fixing elections? more than a third of democrats think george w. bush's supporters probably rigged the election in ohio back in 2004 through voter fraud, including a majority of african-americans. about the same number of republicans, 36%, think obama's supporters did the same thing to win last november, although there was no evidence of any cheating or anything, even a machine foul up. think back to 9/11. more than a third of democrats are part of the truther crowd, people who believe president bush knew about the attacks before they happened, as do nearly 60% of african-americans. the difference in the parties is the knowledge base. republicans who know more about the news are actually more likely to believe conspiracy theories fueled by right wing media like fox. dan cassino is a political science professor at fairleigh dickinson university. and radio broadcaster michael smerconish. michael, you brought this to our attention. i want to get you as a generalist like me, what do you think this told you that surprised you, this poll? >> well, it reinforced what i have suspected all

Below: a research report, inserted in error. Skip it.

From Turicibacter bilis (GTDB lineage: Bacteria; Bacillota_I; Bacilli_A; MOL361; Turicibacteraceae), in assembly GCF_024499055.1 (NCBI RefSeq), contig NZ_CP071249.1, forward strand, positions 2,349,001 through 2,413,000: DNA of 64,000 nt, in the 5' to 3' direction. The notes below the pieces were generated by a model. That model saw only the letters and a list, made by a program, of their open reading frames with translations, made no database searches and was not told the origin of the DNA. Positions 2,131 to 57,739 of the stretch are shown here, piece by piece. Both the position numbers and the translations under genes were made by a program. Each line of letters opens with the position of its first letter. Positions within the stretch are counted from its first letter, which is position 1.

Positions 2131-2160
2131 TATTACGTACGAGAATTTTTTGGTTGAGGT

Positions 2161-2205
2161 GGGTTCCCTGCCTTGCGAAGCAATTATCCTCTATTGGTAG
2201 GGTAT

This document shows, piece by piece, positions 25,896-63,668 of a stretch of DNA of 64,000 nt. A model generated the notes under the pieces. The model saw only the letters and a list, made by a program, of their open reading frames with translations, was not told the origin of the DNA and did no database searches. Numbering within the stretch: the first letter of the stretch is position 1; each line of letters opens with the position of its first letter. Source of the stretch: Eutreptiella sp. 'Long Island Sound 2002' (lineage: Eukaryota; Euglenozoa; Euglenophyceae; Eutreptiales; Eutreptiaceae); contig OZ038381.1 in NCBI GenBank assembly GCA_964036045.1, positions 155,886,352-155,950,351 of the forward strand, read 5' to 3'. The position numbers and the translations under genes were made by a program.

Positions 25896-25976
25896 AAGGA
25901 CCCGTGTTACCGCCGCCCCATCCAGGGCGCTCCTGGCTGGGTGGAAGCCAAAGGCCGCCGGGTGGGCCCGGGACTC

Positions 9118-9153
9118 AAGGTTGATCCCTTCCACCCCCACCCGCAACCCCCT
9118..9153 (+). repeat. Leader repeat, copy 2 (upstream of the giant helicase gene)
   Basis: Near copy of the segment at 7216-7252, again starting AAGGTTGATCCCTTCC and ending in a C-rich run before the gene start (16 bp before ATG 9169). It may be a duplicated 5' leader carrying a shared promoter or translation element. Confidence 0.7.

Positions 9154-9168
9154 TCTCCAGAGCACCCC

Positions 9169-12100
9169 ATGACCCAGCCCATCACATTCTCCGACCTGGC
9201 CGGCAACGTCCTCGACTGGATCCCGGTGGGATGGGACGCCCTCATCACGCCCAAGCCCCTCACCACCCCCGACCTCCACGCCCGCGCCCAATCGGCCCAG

in the minority, they have been in the minority when george w. bush had republican majorities in both houses. they saw the tax cuts go through, they have seen other instances where they're fearful enough that the worm will turn, and they want to be in a position where they can use their minority status for leverage. and if you put that together with the other reality, ezra, which is that all the other 100 senators who have egos like to use holds, sometimes even with their own president, to block action on a nomination. to give them a 2 x 4 across the forehead to gain something that may be entirely extraneous. >> thank you. >> the part of the election that people couldn't just start -- stop talking about. it was beyonce, and that is next. or that printing in color had to cost a fortune. nobody said an all-in-one had to be bulky. or that you had to print from your desk. at least, nobody said it to us. introducing the business smart inkjet all-in-one series from brother. easy to use. it's the ultimate combination of speed, small size, and low-cost printing. is bigger than we think ... sometimel